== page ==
Sunday, December 18, 2005

Not this year

I wrote the following post 2 years ago, after we'd lost Dad. It still resonates today, and this year, it will have a new poignancy while we continue to adjust to a new person in the family picture. For all those who are remembering someone dear this Christmas, this is for you...

It’s not the Christmas Eve phone call that I’ll miss. I never particularly liked rushing out to the shopping mall on the busiest day of the year because he hadn’t gotten around to buying Mom a gift.

And it won’t be the delay he caused each year by picking the very moment everyone was ready to open presents to go outside and feed the pigs.

It’s not his stubbornness or his lack of focus. It’s true - some things will be easier this year without Dad. I’ll get to relax on Christmas Eve. We’ll open presents sooner. We won’t have to plan meals around his unorthodox schedule.

But it’s the sound of him I’ll miss. His voice as he sang “Who is He in Yonder Stall?” His annual reading of the Christmas story in Isaiah or Luke – before any gifts could be opened. The silly sounds out of his mouth while he drifted off to sleep on the couch - still trying to participate in the family cacophony. His inquisitive tone as he pondered a new Christmas question – why does tradition assign the number three to the wise men? What makes us think Mary was riding a donkey?

It’s the feel of him I’ll miss. His shaggy whiskers on my cheek when he hugged me hello. His work-worn hands when he patted my shoulder in greeting or congratulations. His insistent fingers as he tapped my hand at the busy Christmas table to get my attention so he could share his musings.

It’s the smell of him I’ll miss. The Old Spice aftershave lotion he saved for Sundays and Christmas. The lingering odour of the barn embedded in his hair and the blankets Mom covered the couches with.

It’s the sight of him I’ll miss. The tilt of his head and the tiny grin that said “I’m happy to see you” louder than words. The bushy eyebrows over twinkling sky-blue eyes as he teased the grandchildren. The freckled hands cradling his well-fingered black leather King James Version Bible. The gentle smile saved especially for Mom for picking just the thing he needed for Christmas.

We’ll still gather at Christmas. We’ll still eat a big meal and exchange gifts. We’ll still read from the Bible – probably even from the same black leather Bible he fingered for all those years. We’ll play games, we’ll laugh, we’ll sing a few Christmas carols. That’s what we do at Christmastime – we won’t change that because Dad died.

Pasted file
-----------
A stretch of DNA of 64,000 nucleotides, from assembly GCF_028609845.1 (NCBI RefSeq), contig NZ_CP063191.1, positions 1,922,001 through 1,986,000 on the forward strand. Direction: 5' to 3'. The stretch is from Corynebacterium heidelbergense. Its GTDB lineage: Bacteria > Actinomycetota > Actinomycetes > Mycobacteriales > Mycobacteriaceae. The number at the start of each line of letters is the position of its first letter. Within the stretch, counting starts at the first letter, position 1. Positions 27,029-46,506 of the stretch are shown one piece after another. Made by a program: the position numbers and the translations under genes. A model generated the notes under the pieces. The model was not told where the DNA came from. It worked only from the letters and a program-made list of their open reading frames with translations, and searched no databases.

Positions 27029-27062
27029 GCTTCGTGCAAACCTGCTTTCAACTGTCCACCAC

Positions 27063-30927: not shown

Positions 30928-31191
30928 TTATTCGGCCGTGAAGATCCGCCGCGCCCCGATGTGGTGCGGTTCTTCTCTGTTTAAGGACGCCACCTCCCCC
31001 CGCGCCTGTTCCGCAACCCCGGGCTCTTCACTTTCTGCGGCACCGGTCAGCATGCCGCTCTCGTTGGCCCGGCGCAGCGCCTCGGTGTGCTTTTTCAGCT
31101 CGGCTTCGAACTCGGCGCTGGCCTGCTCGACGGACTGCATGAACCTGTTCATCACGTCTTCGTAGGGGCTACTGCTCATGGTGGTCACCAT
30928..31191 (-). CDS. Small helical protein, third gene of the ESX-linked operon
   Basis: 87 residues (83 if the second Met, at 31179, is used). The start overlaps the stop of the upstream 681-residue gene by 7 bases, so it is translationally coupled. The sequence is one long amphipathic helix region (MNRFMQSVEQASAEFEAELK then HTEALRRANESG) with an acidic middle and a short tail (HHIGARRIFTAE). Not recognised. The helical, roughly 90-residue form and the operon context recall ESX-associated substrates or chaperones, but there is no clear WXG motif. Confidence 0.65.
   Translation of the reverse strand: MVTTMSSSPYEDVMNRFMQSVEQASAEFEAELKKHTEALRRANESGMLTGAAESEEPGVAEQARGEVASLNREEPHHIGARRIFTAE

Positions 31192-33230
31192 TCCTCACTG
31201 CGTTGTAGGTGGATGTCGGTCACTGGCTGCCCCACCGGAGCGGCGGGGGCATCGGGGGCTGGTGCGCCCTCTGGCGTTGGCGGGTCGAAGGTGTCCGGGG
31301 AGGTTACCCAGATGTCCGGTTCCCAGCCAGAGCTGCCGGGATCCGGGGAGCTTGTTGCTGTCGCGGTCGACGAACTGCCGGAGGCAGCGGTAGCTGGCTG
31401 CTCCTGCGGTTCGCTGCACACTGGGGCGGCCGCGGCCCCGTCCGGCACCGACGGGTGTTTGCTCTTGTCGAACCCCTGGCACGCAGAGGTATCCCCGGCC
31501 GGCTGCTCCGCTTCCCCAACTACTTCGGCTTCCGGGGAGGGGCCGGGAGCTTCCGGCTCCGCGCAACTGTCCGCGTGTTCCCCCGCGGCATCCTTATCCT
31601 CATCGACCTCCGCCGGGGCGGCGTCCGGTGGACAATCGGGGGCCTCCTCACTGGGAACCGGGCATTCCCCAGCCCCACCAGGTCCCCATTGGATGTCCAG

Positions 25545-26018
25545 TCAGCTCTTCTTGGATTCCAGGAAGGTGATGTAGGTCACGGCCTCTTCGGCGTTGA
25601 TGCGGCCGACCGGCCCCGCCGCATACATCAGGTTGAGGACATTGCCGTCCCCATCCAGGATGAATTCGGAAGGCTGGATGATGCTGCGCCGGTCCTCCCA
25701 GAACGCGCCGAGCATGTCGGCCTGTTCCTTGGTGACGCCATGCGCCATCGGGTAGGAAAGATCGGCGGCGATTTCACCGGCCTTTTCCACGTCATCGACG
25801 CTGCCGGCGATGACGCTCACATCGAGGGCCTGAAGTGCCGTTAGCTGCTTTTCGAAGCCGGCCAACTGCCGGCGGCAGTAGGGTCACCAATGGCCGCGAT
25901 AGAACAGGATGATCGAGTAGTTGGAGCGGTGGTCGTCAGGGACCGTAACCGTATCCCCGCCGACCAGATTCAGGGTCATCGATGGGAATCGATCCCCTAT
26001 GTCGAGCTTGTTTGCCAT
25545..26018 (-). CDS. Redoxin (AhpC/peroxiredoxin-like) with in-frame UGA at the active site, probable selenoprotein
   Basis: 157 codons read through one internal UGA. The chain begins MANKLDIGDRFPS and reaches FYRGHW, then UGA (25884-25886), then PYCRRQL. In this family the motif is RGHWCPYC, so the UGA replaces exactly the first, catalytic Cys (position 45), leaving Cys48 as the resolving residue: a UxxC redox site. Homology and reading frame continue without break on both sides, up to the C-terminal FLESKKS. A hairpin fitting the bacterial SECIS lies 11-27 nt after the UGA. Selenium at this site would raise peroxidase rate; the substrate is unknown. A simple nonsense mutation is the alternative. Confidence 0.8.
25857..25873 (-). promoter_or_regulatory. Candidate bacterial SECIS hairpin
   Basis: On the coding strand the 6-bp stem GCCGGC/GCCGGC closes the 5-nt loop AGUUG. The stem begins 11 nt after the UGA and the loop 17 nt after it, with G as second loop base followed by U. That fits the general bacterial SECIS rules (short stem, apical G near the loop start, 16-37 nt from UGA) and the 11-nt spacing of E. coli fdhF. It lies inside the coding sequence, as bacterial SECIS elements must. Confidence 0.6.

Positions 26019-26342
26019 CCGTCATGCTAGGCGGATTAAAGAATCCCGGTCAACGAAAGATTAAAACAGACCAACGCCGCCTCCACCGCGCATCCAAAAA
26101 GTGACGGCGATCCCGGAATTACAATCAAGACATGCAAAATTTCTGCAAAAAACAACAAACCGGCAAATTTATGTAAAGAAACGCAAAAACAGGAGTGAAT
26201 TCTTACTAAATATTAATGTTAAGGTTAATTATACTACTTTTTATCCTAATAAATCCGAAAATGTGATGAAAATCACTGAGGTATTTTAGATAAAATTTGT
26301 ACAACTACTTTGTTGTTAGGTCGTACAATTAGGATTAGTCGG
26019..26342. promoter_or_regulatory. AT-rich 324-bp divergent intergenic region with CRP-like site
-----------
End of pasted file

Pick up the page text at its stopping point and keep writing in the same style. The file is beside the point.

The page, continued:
But the heart of it won’t beat the same way this year. The Bible won’t sound the same from someone else’s lips. “Who is He in Yonder Stall” will sound empty without his voice or his unique line of questioning. Mom won’t get that special smile, and I won’t feel his whiskers on my cheek.

We’ll still celebrate the birth of Christ, but it will be the death of Dad that will hold captive our thoughts, our tastes and our smells.


ccap said...

And I might cry a little extra this year thinking that he won't get to hold his new granddaughter.

Dale said...

You know, Heather, the most important thing I take from reading about other people's Lives is this:
We all hurt.
My troubles are no greater or lesser than yours or his or hers.
I'm thinking of you now, and hoping you'll continue to recall the special things your dad did to make lasting Christmas memories for his family.

Anvilcloud said...

This should carry a warning: "A Three Hankie Blog." I trust that your many fond memories will greatly overshadow your continuing sense of loss. May you feel his spirit as you sense the loss of his physical presence.

Linda said...

Oh he'll be there! His spirit lives in all of his children.

Gina said...

What a wonderful tribute to your father, Heather.

Thanks for posting that.

Suzanne said...

Thanks for sharing these memories of your father, Heather. Christmas can be such a painful time of year for those who have recently lost family members.

Cuppa said...

This one made me shed a few tears way over here in my corner of the country.

"God has given us our memories that we might have roses in December."
JM Barrie

I hope you receive a big bouquet of "roses in December" and your dad's fragrance fills the room as you gather together with your family.

Michele said...

i'm so glad i met your dad, but so sorry it was before i knew how special his daughters and sons-in-law and grandchildren would be to me. thanks for evoking the memories of a wonderful after-church conversation with a delightful man. i wish we would have talked longer...

Simply Coll said...

My dad died 6 years ago .. hard to believe, that much time has passed. We light a candle in his memory every Christmas. I still miss him every day.

This is a lovely post and a lovely tribute to your dad.

Judy said...

Heather, I wish I had met him too!